If you're interested in learing more about Oahu's agricultural history (think: pineapples and sugarcane), then visiting Central Oahu's Dole Plantation and Hawaii Plantation Village may be worth considering. However, the region's Pearl Harbor attractions – which are just north of the airport and less than 25 miles northwest of Honolulu – are its biggest draws. Pearl Harbor is home to the Navy's U.S. Pacific Fleet, as well as several monuments and memorials commemorating the 1941 Japanese attack on Pearl Harbor, including the USS Bowfin Submarine Museum & Park, the Battleship Missouri Memorial and the Pearl Harbor National Memorial.

Oahu's Leeward Coast sits roughly 20 miles northwest of central Honolulu at the base of the Waianae mountain range. This relatively rural region is where you'll find desolate beaches and Makaha Beach Park, one of the island's most popular spots for snorkeling and a haven for big wave surfing. If you plan on frequenting this side of the island, you may want to stay in Kapolei. This growing community features a 43-acre marina, Wet 'n' Wild Hawaii and the Ko Olina resort area, which is home to the Leeward Coast's two largest resorts – the Four Seasons Resort Oahu at Ko Olina and Aulani, A Disney Resort & Spa.

Travelers looking for pristine beaches and a laid-back ambiance will love checking out Oahu's North Shore. The towns of Haleiwa, Kahuku and Laie are some of the busiest towns on the North Shore. Haleiwa is especially popular with foodies, artists and shopaholics, while Kahuku features the region's main resort, Turtle Bay Resort. But most visitors flock to the North Shore to surf or watch annual surfing competitions like the Vans Triple Crown of Surfing. Noteworthy surf spots include Sunset Beach, Waimea Bay and the Banzai Pipeline, which are all located in Pupukea, a town that's about 35 miles northwest of downtown Honolulu.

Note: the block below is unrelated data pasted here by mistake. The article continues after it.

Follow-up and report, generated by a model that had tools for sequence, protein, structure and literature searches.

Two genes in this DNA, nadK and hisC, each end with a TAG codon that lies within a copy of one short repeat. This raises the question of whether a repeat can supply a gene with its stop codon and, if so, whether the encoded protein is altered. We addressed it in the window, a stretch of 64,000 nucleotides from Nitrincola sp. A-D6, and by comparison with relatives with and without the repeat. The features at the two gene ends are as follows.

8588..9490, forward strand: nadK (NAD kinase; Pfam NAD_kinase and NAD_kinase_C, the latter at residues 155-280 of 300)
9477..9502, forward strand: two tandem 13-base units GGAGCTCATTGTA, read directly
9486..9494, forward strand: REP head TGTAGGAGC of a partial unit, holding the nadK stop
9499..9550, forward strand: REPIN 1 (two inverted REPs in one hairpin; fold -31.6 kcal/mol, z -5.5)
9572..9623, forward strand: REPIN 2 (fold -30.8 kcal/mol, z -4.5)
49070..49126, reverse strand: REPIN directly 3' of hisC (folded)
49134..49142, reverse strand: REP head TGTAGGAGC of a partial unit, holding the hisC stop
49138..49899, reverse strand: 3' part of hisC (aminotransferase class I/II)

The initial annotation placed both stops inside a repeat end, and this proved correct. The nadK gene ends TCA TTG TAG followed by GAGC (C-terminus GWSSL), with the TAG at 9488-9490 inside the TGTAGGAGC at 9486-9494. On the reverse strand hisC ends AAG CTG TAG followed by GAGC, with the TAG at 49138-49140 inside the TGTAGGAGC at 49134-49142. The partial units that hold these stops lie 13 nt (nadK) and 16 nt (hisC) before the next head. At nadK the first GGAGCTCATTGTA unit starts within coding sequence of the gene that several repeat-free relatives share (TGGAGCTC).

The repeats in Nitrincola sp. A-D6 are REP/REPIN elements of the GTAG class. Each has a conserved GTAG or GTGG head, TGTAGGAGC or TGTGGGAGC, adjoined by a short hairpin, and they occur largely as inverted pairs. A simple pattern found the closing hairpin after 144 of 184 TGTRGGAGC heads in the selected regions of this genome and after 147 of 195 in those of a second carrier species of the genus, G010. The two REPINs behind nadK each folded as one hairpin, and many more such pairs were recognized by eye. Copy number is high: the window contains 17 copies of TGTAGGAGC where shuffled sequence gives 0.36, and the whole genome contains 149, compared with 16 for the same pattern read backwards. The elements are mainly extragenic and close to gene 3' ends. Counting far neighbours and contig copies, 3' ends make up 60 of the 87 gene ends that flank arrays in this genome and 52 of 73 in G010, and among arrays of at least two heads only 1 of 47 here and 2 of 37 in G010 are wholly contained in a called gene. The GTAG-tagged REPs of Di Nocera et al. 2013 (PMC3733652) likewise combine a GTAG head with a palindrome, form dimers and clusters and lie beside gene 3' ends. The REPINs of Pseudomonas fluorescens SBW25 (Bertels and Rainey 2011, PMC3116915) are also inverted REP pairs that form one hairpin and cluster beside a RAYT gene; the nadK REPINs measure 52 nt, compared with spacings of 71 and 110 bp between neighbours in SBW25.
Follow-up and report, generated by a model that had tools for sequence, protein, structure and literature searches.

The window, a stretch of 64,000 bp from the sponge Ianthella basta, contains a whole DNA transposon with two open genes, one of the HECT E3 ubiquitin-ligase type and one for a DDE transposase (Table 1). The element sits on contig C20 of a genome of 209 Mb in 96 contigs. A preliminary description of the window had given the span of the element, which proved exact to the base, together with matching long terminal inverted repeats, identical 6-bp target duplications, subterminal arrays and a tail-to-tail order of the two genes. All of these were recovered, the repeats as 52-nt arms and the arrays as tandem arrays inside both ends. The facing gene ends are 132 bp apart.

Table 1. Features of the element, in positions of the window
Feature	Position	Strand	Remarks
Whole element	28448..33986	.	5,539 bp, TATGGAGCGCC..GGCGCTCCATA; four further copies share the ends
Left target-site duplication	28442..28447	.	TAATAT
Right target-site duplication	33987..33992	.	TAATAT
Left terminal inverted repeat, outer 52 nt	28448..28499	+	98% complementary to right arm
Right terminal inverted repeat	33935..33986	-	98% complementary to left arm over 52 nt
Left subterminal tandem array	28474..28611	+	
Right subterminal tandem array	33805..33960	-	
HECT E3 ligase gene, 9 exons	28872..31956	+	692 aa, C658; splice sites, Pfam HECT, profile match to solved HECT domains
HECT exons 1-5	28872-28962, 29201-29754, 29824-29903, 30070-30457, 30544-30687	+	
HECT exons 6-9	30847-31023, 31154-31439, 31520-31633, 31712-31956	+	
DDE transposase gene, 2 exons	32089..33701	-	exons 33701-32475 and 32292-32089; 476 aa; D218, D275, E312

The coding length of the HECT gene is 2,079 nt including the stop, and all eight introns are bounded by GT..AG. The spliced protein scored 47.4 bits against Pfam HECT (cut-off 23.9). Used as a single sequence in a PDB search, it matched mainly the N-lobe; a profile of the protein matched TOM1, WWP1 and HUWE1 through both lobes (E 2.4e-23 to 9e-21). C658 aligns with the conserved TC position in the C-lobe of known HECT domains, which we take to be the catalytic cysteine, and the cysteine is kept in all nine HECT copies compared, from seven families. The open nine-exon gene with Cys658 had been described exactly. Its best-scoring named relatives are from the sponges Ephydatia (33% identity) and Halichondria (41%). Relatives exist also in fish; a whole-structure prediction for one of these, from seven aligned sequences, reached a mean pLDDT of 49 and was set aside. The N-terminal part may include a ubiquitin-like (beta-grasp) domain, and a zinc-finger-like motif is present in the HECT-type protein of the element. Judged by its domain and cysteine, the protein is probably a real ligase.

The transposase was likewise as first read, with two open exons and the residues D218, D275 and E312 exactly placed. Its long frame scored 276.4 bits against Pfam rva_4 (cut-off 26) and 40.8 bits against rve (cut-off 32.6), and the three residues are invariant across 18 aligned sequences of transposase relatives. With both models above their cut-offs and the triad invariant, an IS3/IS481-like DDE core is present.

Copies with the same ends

On the southeastern end of the island (just north and east of Honolulu) sits the Windward Coast, a region that's famous for its stunning scenery. In fact, the area's family-owned Kualoa Ranch has appeared in an array of movies and TV shows, including "Jurassic Park" and "Lost." If you don't plan on visiting this ranch, you can get your fill of nature while snorkeling at Hanauma Bay or hiking the Koko Crater Trail or the Makapu'u Point Lighthouse Trail. Two of the region's beaches, Kailua Beach Park and Lanikai Beach, are also worth checking out if you want to swim, surf or kayak.

Oahu is a relatively safe island, but theft is common in tourist areas like Waikiki and Ala Moana. Keeping an eye on your personal belongings is strongly recommended, and valuables should never be left unattended at the beach or inside vehicles. Also, consider bypassing neighborhoods like Kalihi and downtown's Chinatown area when traveling alone or after dark. And remember, electronic devices like phones, tablets and video games are illegal to use when walking in a crosswalk in Honolulu, so leave these items safely stashed to avoid getting a citation.

If you plan on visiting Oahu, odds are you'll want to spend the bulk of your time enjoying the island's ample outdoor activities. To protect yourself from the sun while hiking, swimming, surfing and more, wear plenty of sunblock. You'll also want to adhere to warnings about swells and currents at local beaches, especially in winter when tides are generally strong. It is best to stick to beaches that have lifeguards. What's more, the Hawaii Tourism Authority advises against standing on coral reefs and suggests looking for dangerous box jellyfish before entering the ocean. For more information about how to stay safe while on Oahu, visit the Hawaii Tourism Authority's website.